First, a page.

SH101 takes a positive harm reduction approach that is centered in health promotion principles. (For an explanation of harm reduction, see below.) Our student-centered messaging is data-driven; it is based in research and evaluated best practices relating to behavioral science and health communication. Our coverage of alcohol and other substances acknowledges students’ motivations for using. It recognizes that most users do not suffer significant negative consequences from their use. It equips students with the knowledge, self-efficacy, and skills aimed at maintaining and/or increasing their potential for academic success, and reducing the risk of any substance use that might cause physical, emotional, or behavioral distress.

Our learning objectives include:

  • Increasing students’ awareness of the potential health, social, behavioral, and legal consequences of using alcohol and/or other substances.
  • Increasing students’ awareness of the true prevalence of alcohol and substance use among their peers, which is typically lower than they perceive.
  • Motivating students to invest in healthier approaches to addressing the goals they may associate with substance use (e.g. social confidence and stress management).
  • Increasing students’ awareness of alcohol and drug outcome expectancies. (For an explanation of outcome expectancies, see below.)
  • Framing the use of alcohol and/or other substances as an active choice that can be managed, rather than a default behavior, in students and their peers.
  • Providing students with personal, social, and environmental strategies for assessing and (if appropriate) taking action to change their relationship with any substance, and for facilitating and supporting their peers’ health-promoting choices.
  • Recognizing the risk factors for and signs of heavy drinking, intoxication, alcohol poisoning, addiction, and antisocial behaviors (including sexual assault) associated with the consumption of alcohol and/or other substances.
  • Empowering students to intervene as bystanders with the goal of minimizing the health and safety risks (including sexual assault, driving under the influence, and alcohol poisoning) associated with the consumption of alcohol and/or other substances.
  • More closely aligning students’ behaviors and goals at college (including how those are reflected online) with their expectations and plans for their future professional and family lives.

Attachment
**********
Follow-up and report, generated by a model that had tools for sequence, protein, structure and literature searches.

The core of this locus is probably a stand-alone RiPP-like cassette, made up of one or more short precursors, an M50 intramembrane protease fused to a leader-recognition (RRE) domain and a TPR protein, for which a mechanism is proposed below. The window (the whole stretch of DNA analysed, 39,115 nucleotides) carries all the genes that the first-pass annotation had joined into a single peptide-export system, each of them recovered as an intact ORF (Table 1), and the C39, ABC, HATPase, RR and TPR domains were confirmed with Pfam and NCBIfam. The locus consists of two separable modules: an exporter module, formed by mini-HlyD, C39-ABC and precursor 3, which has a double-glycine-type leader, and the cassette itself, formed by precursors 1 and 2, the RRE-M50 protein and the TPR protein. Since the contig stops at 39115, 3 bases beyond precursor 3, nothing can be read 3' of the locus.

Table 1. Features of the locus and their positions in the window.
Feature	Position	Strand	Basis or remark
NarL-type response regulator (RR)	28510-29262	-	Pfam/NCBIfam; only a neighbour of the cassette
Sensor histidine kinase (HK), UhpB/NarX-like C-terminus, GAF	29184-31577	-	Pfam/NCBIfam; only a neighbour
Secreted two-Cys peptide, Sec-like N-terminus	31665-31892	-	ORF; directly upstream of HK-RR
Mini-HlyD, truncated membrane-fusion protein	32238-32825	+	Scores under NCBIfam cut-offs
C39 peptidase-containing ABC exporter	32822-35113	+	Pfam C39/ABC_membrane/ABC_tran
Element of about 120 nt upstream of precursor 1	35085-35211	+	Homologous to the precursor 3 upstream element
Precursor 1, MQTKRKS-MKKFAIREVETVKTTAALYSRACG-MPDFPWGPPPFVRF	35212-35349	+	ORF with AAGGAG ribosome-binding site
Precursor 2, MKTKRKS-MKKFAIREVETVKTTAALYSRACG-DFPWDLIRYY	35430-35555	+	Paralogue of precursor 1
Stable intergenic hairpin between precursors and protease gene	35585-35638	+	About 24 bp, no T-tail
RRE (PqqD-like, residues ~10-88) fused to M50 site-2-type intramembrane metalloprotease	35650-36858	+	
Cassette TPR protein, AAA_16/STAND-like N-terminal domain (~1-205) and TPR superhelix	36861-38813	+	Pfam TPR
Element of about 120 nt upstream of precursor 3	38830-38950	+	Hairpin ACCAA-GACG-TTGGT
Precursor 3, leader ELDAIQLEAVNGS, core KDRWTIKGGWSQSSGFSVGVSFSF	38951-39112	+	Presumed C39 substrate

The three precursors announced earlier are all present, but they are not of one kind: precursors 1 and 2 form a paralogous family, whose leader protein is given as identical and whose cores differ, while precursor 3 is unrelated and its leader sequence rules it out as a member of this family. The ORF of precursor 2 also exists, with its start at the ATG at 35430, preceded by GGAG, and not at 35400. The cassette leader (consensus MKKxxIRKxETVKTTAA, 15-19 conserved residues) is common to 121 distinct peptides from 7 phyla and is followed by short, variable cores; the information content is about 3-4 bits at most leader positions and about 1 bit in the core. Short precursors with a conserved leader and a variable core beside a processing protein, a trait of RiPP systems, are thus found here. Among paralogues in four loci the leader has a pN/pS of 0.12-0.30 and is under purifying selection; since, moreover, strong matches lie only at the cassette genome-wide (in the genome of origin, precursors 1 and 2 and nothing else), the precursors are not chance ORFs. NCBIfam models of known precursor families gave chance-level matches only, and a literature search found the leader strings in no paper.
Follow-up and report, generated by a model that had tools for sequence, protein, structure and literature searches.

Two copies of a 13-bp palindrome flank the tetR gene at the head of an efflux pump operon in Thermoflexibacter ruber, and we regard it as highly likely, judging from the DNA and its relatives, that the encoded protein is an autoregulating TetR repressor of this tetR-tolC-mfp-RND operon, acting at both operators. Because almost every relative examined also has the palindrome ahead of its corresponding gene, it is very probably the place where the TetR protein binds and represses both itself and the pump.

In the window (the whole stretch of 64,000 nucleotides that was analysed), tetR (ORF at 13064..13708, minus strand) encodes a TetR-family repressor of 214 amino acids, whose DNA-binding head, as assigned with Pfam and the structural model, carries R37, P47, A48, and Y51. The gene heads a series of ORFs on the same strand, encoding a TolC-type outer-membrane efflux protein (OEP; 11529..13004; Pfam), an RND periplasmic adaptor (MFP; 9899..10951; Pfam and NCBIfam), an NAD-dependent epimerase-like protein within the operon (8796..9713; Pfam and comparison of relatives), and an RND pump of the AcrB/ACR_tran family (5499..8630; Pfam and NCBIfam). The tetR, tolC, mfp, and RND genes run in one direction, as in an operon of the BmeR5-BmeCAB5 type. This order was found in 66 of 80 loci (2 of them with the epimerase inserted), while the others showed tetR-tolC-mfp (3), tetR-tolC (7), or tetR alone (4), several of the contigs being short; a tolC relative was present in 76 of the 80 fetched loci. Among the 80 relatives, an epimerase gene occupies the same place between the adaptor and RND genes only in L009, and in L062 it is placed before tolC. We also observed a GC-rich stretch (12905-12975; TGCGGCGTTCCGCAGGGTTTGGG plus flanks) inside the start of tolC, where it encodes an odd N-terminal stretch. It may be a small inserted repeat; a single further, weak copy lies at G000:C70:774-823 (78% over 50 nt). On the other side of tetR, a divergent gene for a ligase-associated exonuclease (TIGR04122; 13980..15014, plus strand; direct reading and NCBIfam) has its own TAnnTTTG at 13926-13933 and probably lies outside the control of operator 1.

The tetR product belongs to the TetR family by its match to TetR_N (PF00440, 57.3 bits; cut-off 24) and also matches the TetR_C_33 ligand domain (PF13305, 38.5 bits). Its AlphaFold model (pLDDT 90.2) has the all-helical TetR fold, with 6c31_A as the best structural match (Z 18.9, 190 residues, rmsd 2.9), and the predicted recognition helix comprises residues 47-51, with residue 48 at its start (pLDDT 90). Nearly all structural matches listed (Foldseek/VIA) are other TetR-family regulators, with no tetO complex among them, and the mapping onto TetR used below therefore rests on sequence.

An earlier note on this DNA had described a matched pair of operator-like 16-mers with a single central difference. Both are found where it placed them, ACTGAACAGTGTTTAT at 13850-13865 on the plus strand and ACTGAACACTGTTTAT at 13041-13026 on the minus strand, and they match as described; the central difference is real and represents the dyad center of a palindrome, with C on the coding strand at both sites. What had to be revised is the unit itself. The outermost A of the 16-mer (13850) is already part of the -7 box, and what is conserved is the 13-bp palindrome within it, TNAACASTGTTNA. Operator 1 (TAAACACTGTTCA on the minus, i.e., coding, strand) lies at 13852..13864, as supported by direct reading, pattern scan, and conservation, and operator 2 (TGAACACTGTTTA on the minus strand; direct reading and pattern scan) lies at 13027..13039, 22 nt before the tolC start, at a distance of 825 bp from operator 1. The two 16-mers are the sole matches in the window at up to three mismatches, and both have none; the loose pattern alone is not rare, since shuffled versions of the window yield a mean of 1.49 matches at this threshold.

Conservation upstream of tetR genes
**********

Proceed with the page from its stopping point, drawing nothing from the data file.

Examples of SH101 content:

Personal mixology: Your body, your life, your limits
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Not all of us can handle the same amount of alcohol. Different body types, genes, minds, and experiences affect our tolerance. Here, five students talk about their relationship with alcohol in the context of their own risk factors: A family history of alcoholism; fatigue and stress; small body size; medication interaction; and diabetes. Two experts suggest customized strategies for managing their alcohol consumption.

Are you a social engineer? 4 ways to use your powers for good
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Feel like throwing a party? If so, you’ll play an important role in shaping the sexual culture of your campus. Party-throwers are the social engineers who design the spaces in which students meet, drink, dance, talk, and hook up. Party-throwers are in a great position to help reduce the rates of campus sexual assault. As a party-thrower, you can create an environment that makes it easier for everyone to make mindful decisions, in which mutual respect and recognition are the default.

What are ‘alcohol and drug outcome expectancies’?

Research is showing that our environment and unconscious conditioning drive many of the responses we associate with alcohol and other drugs. For example, if we expect that a glass of wine will make it easier to talk to strangers, it will—but that’s more about our expectation than the actual effects of the wine. If we believe that drinking a few beers will make us lose our temper, then we become more easily angered and likely to fight. Researchers call this effect “alcohol outcome expectancies.” Similar effects have been demonstrated in the use of other drugs of abuse. The science of outcome expectancies has significant implications for how we understand and respond to alcohol and drug-related behaviors and abuse.

What is a ‘harm reduction’ approach to health policy and messaging?

‘Harm Reduction’ refers to policies, programs and practices that aim primarily to reduce the adverse health, social and economic consequences of the use of legal and illegal psychoactive drugs without necessarily reducing drug consumption. Harm reduction benefits people who use drugs, their families and the community. “
International Harm Reduction Association, 2009

“Harm reduction can be described as a strategy directed toward individuals or groups that aims to reduce the harms associated with certain behaviours. When applied to substance abuse, harm reduction accepts that a continuing level of drug use (both licit and illicit) in society is inevitable and defines objectives as reducing adverse consequences. It emphasizes the measurement of health, social and economic outcomes, as opposed to the measurement of drug consumption ….There is persuasive evidence from the adult literature that harm reduction approaches greatly reduce morbidity and mortality associated with risky health behaviours.”
—Paediatrics & Child’s Health, 2008 (Canada)